“The village is notifying you that Lake Street Investors may need the consent of the village board to effectively transfer any interests granted by the redevelopment agreement.” Pavlicek wrote. “As such, I would like to have a specific understanding of the details of the joint venture agreement with DeBartolo or any other entity as soon as possible in order to facilitate a review by the village board in a timely fashion.”
This element and the fact that the group missed two deadlines recently, will force Lake Street Investors to go before the village board again to ask for another extension. It’s up to village staff between now and that board meeting to determine the best recommendation to move forward.
Prescott said Tuesday that if an agreement is reached that the plan would be to construct the building exactly as approved. “I don’t think anyone wants to start a new (development review) process. There is no cost to the village to give us more time. The timelines were made in good faith. But things change.”
Pavlicek’s letter also states that “the village does not intend to dissuade [the investors] efforts at moving this project forward,” instead, she said, the letter is to simply remind the group where it is out of compliance and what steps are needed at the village board level before the project can move ahead.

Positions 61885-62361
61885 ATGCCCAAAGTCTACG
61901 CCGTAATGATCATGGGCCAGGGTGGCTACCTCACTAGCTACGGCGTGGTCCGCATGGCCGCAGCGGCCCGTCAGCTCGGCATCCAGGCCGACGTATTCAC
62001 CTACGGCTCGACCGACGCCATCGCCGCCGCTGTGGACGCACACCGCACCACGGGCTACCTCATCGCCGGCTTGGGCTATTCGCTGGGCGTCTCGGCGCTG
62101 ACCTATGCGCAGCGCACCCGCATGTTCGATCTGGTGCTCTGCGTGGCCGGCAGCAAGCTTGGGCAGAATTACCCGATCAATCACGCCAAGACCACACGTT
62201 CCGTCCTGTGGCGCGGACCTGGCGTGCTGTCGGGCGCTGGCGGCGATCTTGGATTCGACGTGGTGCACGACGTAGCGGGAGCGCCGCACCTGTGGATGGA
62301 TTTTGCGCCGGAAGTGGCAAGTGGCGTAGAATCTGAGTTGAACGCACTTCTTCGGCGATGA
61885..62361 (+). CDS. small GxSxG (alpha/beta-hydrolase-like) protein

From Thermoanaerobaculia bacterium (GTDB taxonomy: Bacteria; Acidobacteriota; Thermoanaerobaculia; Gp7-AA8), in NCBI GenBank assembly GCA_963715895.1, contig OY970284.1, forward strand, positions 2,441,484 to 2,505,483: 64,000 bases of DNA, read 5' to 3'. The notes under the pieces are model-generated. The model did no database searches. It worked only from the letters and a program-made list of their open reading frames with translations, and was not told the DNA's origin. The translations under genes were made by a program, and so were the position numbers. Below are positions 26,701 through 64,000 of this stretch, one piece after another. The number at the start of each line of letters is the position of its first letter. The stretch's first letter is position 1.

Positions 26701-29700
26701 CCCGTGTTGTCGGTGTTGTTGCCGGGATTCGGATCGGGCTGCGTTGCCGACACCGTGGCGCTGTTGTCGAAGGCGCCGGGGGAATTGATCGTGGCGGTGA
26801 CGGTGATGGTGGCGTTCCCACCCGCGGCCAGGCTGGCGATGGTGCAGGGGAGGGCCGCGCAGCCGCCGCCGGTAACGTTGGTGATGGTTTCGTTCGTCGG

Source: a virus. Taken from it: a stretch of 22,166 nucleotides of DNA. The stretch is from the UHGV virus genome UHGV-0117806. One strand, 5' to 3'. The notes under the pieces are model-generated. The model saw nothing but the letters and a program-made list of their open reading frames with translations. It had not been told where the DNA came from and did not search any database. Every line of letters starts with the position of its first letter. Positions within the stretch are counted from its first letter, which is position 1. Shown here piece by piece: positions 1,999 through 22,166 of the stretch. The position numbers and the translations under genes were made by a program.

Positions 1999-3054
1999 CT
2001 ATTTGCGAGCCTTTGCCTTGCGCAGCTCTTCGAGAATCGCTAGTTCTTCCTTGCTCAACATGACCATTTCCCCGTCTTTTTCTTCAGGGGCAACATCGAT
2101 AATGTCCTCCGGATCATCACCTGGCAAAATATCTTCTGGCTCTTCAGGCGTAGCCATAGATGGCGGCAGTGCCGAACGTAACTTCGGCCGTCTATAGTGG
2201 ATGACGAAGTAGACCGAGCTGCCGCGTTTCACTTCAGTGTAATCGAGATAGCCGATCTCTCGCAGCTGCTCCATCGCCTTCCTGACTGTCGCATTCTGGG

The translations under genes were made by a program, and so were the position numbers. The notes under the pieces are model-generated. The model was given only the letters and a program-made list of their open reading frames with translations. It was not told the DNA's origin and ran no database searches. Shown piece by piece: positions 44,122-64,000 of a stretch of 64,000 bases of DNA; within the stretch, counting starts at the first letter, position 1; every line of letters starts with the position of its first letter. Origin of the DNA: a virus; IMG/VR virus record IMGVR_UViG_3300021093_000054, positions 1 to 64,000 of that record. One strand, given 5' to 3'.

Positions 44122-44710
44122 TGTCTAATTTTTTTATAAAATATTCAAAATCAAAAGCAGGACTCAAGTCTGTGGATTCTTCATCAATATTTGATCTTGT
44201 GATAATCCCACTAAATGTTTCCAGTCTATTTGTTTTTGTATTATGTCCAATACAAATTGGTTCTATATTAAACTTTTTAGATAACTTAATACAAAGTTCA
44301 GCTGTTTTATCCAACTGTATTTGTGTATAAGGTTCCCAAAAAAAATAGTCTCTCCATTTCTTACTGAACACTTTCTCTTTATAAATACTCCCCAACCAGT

A letter written from Acosta dated Aug. 28 requests a 180 day extension.
“As you are aware the process of building permit drawings in nearly finished. [Lake Street Investors] is currently working to finalize a financing plan for the construction of the building.
We believe that a 180-day extension would allow sufficient time for these matters to be finalized and construction to commence,” Acosta wrote in the letter on behalf of the investors.
Pavlicek said this matter has not been scheduled for a village board meeting yet, but depending on how long staff needs to review whatever documents Lake Street Investors submit, the issue should be on the docket for the Sept. 16 or Oct. 7 regular board meeting.
Publisher Dan Haley contributed reporting to this story.